Marcus Reed, a first-generation college student, has wanted to be a lawyer for as long as he can remember.
“My mom would say I knew I wanted to be a lawyer right out of the womb,” Reed said. “When they would ask kids what they wanted to do when they grow up, I would always say lawyer.”
On Sunday afternoon, Reed graduated in the top 5% of his class during the College of Law’s commencement ceremony in Savage Arena.
Upon passing the bar exam, Reed will join the United States Department of Labor in Washington as an honors attorney in the Office of the Solicitor.
The Honors Program is a unique opportunity to work in one of the largest legal offices in the federal government and gain a broad knowledge of labor and employment matters that would be difficult to obtain in years of private practice.
“That’s always been my dream,” he said. “I’ve always wanted to go to Washington, D.C.”
Throughout law school, Reed gained valuable experience on how to best advocate for workers’ rights both as a law clerk with the Ohio Patrolmen’s Benevolent Association (OPBA) and as a legal intern with the American Federation of State, County and Municipal Employees (AFSCME) Ohio Council 8.
Reed’s passion for labor and employment law developed after his dad, a firefighter and past president of the local firefighters union in Canton, let him skip school to protest Ohio Senate Bill 5, which would have stripped employees of their right to collective bargaining.
“I remember vividly the sea of firefighters wearing their turnout gear and helmets with signs pointed high in the air that read ‘Justice for Local Workers,’ ” Reed said. “When Senate Bill 5 was overwhelmingly repealed by a voter referendum, I witnessed the value and importance that labor law played in the lives of every worker. This experience was the catalyst behind my desire to use my law degree to advocate for and enforce laws that protect the rights and interests of workers.”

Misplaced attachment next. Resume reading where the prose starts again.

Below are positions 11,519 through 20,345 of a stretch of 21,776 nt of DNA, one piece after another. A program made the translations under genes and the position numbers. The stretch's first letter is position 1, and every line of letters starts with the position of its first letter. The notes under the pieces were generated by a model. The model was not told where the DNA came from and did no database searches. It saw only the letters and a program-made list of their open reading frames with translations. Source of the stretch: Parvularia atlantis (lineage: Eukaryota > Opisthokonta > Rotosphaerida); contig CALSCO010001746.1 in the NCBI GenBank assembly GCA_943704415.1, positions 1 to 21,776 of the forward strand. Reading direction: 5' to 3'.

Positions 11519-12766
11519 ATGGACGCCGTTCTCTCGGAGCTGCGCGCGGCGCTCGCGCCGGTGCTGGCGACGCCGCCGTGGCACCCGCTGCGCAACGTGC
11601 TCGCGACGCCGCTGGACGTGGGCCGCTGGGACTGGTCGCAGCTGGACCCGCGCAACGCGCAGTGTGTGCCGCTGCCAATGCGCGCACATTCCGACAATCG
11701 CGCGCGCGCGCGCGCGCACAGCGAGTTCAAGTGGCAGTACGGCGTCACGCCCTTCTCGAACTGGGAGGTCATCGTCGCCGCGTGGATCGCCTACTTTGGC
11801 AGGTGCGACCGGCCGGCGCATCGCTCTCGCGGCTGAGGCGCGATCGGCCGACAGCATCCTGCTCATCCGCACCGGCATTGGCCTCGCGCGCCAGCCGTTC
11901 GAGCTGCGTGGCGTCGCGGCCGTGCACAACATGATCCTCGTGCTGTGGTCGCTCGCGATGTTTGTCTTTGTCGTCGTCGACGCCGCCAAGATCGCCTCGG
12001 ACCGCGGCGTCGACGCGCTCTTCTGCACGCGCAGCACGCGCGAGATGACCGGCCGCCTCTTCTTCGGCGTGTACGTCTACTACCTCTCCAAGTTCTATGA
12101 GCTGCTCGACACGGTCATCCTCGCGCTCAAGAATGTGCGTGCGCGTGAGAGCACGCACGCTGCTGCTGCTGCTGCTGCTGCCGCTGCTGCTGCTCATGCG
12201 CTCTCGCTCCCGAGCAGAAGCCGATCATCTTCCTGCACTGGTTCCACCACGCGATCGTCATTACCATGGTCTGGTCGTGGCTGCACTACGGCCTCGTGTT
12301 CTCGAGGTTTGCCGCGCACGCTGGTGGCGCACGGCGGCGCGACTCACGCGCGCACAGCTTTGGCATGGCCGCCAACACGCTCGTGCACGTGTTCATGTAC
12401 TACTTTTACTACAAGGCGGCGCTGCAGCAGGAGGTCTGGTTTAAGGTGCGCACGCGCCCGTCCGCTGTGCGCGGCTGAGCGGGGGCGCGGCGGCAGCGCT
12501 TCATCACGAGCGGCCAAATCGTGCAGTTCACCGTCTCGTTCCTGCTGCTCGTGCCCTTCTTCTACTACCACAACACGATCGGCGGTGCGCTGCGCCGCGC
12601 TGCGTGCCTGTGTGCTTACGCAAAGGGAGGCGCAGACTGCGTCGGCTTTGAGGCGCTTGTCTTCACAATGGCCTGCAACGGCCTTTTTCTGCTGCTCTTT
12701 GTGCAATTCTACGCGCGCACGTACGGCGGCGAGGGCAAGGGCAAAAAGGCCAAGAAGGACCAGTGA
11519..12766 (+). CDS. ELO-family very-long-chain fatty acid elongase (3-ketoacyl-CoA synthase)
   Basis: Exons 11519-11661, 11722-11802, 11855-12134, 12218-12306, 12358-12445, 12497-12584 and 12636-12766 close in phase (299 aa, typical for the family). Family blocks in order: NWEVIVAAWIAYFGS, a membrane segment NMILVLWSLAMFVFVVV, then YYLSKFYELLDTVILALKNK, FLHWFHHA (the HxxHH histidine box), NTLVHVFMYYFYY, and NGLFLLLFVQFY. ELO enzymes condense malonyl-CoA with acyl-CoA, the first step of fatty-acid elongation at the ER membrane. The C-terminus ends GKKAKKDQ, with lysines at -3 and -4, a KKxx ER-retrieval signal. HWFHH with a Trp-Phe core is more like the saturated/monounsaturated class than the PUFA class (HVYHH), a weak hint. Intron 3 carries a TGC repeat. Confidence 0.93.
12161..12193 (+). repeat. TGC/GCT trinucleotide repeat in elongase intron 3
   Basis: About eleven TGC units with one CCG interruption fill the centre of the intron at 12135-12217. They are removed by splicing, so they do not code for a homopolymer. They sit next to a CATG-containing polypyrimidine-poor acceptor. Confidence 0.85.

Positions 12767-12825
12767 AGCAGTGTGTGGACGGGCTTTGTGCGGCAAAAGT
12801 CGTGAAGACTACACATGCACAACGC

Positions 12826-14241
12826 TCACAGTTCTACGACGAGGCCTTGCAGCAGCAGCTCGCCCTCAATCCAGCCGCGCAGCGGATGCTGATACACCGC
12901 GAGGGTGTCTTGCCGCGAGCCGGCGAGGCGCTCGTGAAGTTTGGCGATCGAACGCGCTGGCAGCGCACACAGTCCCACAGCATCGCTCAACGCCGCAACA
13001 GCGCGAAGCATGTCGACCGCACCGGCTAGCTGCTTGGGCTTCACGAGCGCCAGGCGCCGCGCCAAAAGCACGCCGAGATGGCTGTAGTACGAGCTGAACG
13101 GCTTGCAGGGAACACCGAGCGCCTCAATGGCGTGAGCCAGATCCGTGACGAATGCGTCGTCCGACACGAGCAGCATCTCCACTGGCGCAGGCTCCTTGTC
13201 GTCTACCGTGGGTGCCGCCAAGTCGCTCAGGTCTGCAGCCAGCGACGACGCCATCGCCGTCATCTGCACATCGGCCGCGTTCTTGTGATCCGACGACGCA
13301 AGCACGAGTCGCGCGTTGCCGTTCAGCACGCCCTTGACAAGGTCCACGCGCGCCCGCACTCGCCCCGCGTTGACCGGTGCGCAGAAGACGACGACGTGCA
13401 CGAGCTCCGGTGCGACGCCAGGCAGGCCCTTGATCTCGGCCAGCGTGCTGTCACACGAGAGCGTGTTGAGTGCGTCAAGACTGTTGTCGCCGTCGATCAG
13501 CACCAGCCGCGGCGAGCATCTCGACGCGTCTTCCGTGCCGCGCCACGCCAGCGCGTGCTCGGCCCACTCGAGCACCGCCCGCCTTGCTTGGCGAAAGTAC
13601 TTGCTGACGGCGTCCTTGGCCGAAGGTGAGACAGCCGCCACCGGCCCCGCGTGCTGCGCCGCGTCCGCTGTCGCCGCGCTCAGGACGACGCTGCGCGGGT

The reputation of the College of Law’s certificate in labor and employment law and its distinguished faculty are among the many reasons Reed chose UToledo. In particular, Reed admired Joseph E. Slater, Distinguished University Professor and Eugene N. Balk Professor of Law and Values, who has written several books on the subject.
“Professor Slater wrote the book on labor laws,” Reed said. “As a first-generation college and law student, I have been honored to pursue my law degree at The University of Toledo and to learn from leading experts in the field of labor and employment law.”
Slater mentored Reed in various capacities throughout his law school journey, witnessing firsthand his dedication to achieving his lifelong dream of becoming a lawyer.
“Marcus Reed is one of the very best students I have had the pleasure of teaching in my 23 years at The University of Toledo College of Law,” Slater said. “In multiple classes with me, his exam scores were at the very top. His class participation consistently shows both mastery of the black-letter rules and a keen understanding of the policy implications of those rules. He was a very helpful teaching assistant for me in Torts, he played a valuable leadership role in the Labor and Employment Law Association and his law review note, which I supervised, was excellent.
“Beyond his impressive skills in legal research, writing and analysis, Marcus is a truly nice and thoughtful person. He has been a delight to teach and to get to know.”